There's a cute little joke lurking in the background of Alfonso Cuarón's otherwise bleak dystopian thriller Children of Men. The film is set in the year 2027, and at one point a deejay overheard on a car radio introduces "a blast from the past all the way back to 2003," before spinning the Kills' country-blues serenade "Wait". Even if 2003 was only eight years ago, for the Kills, it might as well be 24, given how far Alison Mosshart and Jamie Hince have been able to push the limited parameters of their guitar/drum-machine set-up and develop an identity increasingly distinct from their formative junior-Royal-Trux roots.
THE KILLS play Sound Academy May 1. See listing. Rating: NNN It's been three years since the last Kills album, a time span singer Alison Mosshart filled by moonlighting in the Dead Weather and guitarist Jamie Hince spent in tabloid land with supermodel fiancée Kate Moss. Returning for Blood Pressures, the duo prove they haven't lost any of their chemistry.
The Kills continue to amaze with Blood Pressures, their fourth album and another mostly successful attempt to wrench effective material from a barebones method of hollow attitude and instrumental minimalism. Perpetuating a high-wire act that essentially involves a small bag of tricks shaken up a little differently each time, the Kills write songs that are invariably concave structures, spacious echo chambers for lurching, fuzzed-out guitar and softly staccato talk-singing. They’re the kind of songs that start to wear on the nerves after a second listen, only to reveal themselves as not as complex but somehow still captivating after a little more attention.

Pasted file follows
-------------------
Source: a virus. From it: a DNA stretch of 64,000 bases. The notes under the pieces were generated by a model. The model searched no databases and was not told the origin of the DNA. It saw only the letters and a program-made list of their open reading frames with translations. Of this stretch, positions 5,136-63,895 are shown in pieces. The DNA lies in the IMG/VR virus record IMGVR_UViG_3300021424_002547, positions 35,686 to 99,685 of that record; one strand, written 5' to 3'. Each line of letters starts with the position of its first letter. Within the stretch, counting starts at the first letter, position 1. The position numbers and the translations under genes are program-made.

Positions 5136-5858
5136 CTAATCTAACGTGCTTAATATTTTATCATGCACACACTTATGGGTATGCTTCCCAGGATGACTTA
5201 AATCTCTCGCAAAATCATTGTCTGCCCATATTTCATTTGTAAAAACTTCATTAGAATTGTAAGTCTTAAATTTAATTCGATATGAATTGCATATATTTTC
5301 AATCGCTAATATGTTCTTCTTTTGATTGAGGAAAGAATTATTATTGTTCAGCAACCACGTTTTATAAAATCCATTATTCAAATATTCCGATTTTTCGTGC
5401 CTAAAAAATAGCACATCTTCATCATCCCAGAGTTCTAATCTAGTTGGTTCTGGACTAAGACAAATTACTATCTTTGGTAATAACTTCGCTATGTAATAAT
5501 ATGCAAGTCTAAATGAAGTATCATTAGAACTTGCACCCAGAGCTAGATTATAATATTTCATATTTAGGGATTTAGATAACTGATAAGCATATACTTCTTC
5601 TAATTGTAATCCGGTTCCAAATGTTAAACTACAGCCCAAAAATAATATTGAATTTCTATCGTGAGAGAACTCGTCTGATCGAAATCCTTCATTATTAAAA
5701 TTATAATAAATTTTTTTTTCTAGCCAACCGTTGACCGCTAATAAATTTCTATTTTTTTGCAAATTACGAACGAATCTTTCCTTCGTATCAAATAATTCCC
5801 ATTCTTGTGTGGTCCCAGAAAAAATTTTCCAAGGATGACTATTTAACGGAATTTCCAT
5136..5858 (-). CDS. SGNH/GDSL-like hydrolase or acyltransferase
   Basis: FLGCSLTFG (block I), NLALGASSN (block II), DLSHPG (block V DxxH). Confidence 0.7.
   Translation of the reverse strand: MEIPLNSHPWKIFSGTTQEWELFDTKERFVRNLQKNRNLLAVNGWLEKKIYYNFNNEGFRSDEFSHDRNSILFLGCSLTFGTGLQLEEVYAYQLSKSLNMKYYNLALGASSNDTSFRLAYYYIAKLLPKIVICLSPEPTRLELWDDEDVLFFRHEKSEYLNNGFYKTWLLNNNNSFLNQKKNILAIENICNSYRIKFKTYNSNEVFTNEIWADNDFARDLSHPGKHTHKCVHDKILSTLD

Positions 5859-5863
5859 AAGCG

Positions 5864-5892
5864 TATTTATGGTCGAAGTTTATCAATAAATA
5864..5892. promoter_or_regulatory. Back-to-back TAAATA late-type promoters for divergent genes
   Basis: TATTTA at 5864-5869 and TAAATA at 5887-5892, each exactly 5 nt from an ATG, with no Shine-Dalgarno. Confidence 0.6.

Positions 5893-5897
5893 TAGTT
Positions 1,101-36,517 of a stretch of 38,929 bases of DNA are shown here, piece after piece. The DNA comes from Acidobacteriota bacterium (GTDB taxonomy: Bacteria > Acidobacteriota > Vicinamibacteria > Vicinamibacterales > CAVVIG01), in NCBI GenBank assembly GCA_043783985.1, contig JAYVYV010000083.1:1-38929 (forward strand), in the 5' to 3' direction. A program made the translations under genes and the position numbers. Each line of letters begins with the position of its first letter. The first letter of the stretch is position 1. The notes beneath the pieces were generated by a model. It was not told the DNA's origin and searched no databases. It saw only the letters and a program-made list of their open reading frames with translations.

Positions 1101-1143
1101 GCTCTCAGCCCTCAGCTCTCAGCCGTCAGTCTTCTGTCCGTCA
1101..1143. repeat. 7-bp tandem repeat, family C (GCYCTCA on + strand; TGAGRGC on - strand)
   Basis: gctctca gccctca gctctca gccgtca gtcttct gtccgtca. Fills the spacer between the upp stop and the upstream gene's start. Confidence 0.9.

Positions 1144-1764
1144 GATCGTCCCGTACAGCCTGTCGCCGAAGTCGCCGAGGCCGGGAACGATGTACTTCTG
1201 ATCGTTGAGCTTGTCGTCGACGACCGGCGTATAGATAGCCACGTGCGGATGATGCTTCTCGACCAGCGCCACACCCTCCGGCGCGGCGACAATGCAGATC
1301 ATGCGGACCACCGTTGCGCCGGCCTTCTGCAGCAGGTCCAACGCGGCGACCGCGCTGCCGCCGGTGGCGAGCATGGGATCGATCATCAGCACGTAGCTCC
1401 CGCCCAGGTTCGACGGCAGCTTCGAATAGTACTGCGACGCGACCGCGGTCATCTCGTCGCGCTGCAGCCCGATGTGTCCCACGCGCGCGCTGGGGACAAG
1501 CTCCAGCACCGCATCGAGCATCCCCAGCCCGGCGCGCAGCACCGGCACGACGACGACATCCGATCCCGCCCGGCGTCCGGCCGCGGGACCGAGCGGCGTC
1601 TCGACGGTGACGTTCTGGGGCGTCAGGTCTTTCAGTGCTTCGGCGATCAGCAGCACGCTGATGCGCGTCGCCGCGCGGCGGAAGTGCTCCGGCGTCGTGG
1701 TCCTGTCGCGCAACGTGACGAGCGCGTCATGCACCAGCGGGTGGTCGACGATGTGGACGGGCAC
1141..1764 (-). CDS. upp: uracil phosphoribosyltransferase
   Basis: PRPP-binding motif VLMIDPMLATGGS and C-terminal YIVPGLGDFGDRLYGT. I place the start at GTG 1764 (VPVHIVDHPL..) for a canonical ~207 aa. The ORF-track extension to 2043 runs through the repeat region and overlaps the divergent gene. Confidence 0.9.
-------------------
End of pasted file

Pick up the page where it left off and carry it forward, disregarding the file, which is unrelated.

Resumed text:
The Kills spend more time on the gossip pages than the music pages these days, courtesy of James Hince's relationship with Kate Moss. Their fourth album may not change that, but finds them turbo-charging their sound, the familiar primeval bluesy rock combined with bigger grooves and almost Burundi-type drumming. This shift is most effective on Future Starts Slow and Nail in My Coffin, which drip post-punk guitar riffs and pure malevolence.
After vocalist Alison Mosshart’s semi-defection to The Dead Weather and the threat of Jamie Hince’s dissolution into the fashion world with fiancée Kate Moss, some feared we’d never see another album from The Kills. It’s been a cold three years since 2008’s garage-synthy third album Midnight Bloom, but their new effort Blood Pressures is more than worth the wait. Expansive and rich, with grinding girl-on-boy vocals with massive drums and a vintage sheen slipping into sludgy classic rock tributes and distorted guitar riffs, this is without a doubt their most mature album to date.
At its best, album four matches the duo’s darkly seductive early material. Lou Thomas 2011 Four albums in for the other deliciously-frayed, minimal garage rock two-piece comprising one man and one woman, and guess what? It’s a Steve Reich covers album interpreted entirely on piccolo and flugelhorn. Fans of The Kills will have spotted the mendacity of the previous sentence and probably (rightly) guessed that Blood Pressures is another solid album of fundamentalist, primal noise.